availableChildSize =
new Size(availableSize.Width / Children.Count,
                                        availableSize.Height);
    else
        availableChildSize = new Size(availableSize.Width,
                                        availableSize.Height / Children.Count);

    // Enumerate the children, and find the widest width and the highest height
    foreach (UIElement child in Children)
    {
        child.Measure(availableChildSize);
        maxChildSize.Width =
Math.Max(maxChildSize.Width, child.DesiredSize.Width);
        maxChildSize.Height =
Math.Max(maxChildSize.Height, child.DesiredSize.Height);
    }

    // Now determine a composite size that depends on infinite available width or height
    if (Orientation == Orientation.Horizontal)
    {
        if (Double.IsPositiveInfinity(availableSize.Width))
            compositeSize =
new Size(maxChildSize.Width * Children.Count,
                                        maxChildSize.Height);
        else
            compositeSize = new Size(availableSize.Width, maxChildSize.Height);
    }
    else
    {
        if (Double.IsPositiveInfinity(availableSize.Height))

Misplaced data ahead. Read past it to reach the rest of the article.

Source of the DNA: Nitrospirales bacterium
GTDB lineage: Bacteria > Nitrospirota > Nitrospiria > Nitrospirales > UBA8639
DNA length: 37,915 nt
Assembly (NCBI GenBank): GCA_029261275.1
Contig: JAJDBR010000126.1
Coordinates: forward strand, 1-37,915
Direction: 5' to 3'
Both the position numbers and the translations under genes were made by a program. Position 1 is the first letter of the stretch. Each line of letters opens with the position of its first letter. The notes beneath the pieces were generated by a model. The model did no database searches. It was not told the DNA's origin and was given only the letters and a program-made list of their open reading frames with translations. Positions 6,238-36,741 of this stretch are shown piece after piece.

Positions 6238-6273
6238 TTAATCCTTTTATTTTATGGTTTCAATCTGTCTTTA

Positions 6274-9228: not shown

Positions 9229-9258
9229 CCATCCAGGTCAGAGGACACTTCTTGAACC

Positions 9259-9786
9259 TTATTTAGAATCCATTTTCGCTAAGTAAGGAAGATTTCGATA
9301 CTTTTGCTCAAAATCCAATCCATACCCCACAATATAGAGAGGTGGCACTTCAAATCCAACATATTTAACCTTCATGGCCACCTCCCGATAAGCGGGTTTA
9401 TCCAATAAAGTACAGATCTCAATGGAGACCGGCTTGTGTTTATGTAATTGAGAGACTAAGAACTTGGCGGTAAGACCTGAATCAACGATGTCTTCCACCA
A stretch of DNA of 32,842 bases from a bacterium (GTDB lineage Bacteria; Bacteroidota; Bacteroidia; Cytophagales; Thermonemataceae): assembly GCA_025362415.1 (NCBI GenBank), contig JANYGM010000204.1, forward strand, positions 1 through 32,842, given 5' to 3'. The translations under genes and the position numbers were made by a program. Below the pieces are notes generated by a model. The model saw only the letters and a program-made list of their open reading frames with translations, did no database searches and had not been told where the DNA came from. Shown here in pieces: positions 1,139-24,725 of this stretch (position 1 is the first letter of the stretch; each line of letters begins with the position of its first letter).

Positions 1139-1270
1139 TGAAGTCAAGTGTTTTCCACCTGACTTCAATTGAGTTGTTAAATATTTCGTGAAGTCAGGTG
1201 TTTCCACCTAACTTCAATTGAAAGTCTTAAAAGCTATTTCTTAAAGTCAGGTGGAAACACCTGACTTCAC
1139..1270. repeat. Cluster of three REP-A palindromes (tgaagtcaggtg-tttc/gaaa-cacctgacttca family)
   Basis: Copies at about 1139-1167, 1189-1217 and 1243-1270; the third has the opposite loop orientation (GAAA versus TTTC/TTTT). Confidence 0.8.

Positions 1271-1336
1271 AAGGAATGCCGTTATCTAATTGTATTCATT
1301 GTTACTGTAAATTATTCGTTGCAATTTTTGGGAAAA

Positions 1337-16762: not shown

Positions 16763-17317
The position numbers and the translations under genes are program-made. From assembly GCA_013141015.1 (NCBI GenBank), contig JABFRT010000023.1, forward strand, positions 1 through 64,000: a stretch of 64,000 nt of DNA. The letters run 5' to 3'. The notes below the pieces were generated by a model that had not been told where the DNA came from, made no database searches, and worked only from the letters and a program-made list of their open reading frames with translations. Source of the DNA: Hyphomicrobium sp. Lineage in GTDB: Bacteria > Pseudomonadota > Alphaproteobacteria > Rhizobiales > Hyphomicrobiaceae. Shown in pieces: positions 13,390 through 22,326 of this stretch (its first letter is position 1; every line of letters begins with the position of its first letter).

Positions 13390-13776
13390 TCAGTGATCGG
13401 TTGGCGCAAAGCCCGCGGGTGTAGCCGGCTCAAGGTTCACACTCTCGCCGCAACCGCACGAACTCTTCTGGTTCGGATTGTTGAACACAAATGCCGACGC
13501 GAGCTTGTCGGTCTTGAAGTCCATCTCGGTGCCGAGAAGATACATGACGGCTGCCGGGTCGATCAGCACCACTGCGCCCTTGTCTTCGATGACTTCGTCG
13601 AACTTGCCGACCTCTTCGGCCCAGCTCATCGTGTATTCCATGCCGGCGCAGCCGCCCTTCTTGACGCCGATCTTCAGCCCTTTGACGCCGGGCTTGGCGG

compositeSize =
new Size(maxChildSize.Width,
                                            maxChildSize.Height * Children.Count);
        else
            compositeSize = new Size(maxChildSize.Width, availableSize.Height);
    }
    return compositeSize;
}

The method begins by diving out if the panel has no children; this avoids division by zero later on.

The ArrangeOverride method calls Arrange on each child with the same size (called finalChildSize in the method) but with different x and y positions relative to the panel depending on orientation:

protected override Size ArrangeOverride(Size finalSize)
{
    if (Children.Count > 0)
    {
        Size finalChildSize = new Size();
        double x = 0;
        double y = 0;

        if (Orientation == Orientation.Horizontal)
            finalChildSize =
new Size(finalSize.Width / Children.Count,
                                        finalSize.Height);